Boston- On Tuesday afternoon the Massachusetts Senate unanimously re-enacted legislation sponsored by State Senator Benjamin B. Downing (D-Pittsfield) on behalf of summer camps statewide. The bill, An Act Providing Standards Allowing Camps to Conduct Criminal History Record Checks of Climbing Wall Instructors, is now before the Governor for final approval.
Downing’s legislation corrects a duplicative, time consuming, costly and unintended requirement faced by summer camp directors each year as they hired their summer workforce. It is commonplace for most camp counselors to also staff challenge courses located on site. As such, camp administrators were required to perform two CORI checks on each potential employee to ensure compliance with both public safety laws (statute dictates that summer camp counselors must have CORI checks) and challenge course regulations (the state Department of Public Safety requires a CORI check for challenge course staff). One CORI application per employee was insufficient because the relevant state agencies, the Criminal Systems History Board and the Department of Public Safety, were prohibited under state law from sharing data contained in CORI checks with each other.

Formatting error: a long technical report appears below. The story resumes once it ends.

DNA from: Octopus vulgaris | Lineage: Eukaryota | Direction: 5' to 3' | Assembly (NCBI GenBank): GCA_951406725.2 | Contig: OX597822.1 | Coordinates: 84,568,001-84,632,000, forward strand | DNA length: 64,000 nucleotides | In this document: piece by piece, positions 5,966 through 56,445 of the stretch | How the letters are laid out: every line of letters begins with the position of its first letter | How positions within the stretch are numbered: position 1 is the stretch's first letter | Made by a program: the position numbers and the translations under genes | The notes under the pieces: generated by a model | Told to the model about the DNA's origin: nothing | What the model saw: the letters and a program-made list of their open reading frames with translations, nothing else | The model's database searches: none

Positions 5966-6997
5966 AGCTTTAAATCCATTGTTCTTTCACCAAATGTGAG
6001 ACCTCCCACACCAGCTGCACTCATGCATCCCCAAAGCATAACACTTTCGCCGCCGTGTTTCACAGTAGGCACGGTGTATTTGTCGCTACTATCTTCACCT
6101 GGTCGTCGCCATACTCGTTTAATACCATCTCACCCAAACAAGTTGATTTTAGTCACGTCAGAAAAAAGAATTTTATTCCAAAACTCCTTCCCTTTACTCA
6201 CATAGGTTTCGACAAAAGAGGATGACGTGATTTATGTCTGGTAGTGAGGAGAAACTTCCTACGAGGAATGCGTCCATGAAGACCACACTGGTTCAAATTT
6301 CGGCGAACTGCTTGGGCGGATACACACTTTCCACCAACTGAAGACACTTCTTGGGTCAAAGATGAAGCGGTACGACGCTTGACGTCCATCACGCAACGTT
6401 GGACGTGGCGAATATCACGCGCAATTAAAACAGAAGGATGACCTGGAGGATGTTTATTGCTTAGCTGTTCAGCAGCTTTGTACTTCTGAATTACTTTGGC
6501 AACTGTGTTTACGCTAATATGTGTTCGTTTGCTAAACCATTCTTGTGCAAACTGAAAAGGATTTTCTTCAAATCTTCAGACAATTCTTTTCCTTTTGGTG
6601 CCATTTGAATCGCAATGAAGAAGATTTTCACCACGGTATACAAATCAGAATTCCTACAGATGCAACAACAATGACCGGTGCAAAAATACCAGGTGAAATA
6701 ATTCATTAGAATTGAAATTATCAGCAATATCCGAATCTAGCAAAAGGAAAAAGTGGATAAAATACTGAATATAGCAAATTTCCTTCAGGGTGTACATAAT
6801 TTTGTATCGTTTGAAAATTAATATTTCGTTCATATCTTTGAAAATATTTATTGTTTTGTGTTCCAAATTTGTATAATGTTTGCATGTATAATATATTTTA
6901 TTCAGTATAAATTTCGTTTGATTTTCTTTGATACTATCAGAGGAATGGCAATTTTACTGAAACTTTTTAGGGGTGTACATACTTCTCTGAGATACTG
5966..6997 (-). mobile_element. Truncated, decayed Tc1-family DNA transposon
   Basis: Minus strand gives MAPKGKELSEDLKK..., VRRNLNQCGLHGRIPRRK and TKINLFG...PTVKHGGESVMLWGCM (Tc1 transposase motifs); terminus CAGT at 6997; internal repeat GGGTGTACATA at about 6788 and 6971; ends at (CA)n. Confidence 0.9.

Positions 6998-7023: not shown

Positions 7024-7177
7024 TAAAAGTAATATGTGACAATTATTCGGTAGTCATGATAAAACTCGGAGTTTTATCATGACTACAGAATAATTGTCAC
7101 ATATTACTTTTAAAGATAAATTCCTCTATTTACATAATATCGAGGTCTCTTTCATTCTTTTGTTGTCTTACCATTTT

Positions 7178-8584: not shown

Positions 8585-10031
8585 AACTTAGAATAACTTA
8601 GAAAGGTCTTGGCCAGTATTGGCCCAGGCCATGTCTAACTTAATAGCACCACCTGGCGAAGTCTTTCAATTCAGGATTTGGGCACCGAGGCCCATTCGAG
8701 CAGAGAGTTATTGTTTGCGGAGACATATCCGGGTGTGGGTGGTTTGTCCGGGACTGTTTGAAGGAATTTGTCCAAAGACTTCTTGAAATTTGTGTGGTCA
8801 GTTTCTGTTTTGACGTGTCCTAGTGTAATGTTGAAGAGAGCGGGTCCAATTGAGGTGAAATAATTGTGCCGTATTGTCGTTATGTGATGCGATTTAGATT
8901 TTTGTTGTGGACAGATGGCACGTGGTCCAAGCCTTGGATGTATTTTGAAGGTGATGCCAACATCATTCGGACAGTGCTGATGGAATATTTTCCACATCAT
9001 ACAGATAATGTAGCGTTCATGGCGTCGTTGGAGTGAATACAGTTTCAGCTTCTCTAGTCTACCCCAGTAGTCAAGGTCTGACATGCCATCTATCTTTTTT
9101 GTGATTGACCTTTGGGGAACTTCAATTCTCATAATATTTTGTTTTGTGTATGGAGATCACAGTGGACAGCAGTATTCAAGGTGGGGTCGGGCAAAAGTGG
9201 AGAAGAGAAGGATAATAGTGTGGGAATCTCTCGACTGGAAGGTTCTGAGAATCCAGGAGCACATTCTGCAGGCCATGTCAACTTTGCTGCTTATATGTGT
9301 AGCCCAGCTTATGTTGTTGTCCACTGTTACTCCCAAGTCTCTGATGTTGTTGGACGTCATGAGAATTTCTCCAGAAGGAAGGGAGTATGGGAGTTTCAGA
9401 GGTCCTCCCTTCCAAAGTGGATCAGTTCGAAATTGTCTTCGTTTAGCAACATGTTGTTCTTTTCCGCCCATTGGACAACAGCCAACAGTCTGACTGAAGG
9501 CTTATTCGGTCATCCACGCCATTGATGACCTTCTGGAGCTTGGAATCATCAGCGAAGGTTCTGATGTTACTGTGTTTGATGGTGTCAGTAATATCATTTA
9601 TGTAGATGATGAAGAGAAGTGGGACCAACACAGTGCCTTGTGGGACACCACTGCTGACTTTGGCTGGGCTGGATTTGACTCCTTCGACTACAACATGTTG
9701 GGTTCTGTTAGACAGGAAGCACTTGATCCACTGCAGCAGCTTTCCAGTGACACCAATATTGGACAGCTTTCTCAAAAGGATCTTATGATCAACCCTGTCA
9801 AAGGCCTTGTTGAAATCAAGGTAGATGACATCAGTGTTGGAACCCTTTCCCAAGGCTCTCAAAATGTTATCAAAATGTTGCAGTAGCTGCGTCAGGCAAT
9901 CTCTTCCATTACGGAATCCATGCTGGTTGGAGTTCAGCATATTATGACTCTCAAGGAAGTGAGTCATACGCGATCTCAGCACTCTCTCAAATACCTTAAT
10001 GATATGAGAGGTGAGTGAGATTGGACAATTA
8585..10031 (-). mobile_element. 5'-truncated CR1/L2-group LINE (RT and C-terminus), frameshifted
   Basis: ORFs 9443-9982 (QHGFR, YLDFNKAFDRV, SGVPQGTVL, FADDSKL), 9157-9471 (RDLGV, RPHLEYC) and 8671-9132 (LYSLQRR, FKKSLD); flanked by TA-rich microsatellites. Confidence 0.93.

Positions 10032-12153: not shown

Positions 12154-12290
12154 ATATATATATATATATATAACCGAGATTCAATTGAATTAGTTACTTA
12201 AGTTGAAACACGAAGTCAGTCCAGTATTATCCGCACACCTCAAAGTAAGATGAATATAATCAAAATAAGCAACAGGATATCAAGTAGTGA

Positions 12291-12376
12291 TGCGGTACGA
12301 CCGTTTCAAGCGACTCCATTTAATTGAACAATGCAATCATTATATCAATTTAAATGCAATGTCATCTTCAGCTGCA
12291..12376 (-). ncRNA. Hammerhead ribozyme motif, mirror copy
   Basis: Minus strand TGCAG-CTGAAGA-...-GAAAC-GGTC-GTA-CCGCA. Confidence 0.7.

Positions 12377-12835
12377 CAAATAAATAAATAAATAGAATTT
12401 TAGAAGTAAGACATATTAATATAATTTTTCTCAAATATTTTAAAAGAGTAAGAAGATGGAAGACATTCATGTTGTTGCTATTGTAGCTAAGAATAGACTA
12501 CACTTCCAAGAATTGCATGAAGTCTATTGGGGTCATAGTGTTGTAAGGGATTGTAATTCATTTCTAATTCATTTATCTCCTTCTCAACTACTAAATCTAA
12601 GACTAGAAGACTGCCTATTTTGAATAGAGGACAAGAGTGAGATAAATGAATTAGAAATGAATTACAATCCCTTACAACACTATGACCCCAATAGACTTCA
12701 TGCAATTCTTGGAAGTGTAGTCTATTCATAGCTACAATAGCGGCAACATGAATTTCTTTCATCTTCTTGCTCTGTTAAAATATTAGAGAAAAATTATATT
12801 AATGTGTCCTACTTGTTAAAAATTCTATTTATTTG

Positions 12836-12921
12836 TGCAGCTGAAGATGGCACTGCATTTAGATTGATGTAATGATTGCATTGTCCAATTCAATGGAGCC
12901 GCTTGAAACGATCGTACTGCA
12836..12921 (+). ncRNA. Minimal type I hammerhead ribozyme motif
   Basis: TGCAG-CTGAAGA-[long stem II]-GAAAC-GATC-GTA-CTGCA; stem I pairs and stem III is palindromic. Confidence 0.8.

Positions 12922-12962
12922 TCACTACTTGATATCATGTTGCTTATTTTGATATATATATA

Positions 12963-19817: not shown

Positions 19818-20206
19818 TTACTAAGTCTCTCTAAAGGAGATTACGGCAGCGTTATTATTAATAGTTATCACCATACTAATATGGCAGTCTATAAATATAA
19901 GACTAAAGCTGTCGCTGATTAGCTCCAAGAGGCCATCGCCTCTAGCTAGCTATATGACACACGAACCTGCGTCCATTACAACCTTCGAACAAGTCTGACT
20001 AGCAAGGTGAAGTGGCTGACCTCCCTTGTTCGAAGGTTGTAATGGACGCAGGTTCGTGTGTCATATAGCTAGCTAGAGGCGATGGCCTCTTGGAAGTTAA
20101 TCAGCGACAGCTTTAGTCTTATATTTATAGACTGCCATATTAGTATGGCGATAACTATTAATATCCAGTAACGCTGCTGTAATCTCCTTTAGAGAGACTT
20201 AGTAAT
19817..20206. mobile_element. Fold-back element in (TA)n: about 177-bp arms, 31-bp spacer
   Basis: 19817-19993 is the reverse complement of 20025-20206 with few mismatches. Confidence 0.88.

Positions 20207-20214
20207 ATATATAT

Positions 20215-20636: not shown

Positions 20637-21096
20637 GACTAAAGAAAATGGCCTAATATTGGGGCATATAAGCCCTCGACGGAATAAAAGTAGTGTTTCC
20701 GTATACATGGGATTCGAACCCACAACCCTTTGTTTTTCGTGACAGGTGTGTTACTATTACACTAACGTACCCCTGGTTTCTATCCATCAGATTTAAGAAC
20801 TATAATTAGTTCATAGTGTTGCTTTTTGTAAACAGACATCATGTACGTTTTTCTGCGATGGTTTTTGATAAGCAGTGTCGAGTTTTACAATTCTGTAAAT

Legislative action was necessary to enable camps to submit one CORI application per employee and still comply with all existing child safety requirements. Downing collaborated with the Executive Office of Public Safety, the Executive Office of Administration and Finance, the Criminal Systems History Board and the Department of Public Safety to craft the proposal. State Representatives Denis E. Guyer (D- Dalton) and William Smitty Pignatelli (D- Lenox) worked to advance the proposal in the House.
“This commonsense legislation will help dozens of summer camps in the Berkshires operate more resourcefully and hire appropriate employees without being bogged down with duplicative paperwork requirements. It also improves efficiency and collaboration in the state’s public safety agencies. The Patrick Administration has been very helpful with this initiative; I appreciate the guidance offered by the public safety agencies in this matter.”
Downing’s bill was originally incorporated in the FY 2010 state budget as a cost-savings measure. The Governor returned the section to the Legislature with an amendment that was later deemed unnecessary by the Administration. As such, it was necessary for the Legislature to re-enact the section as originally drafted for it to be signed into law.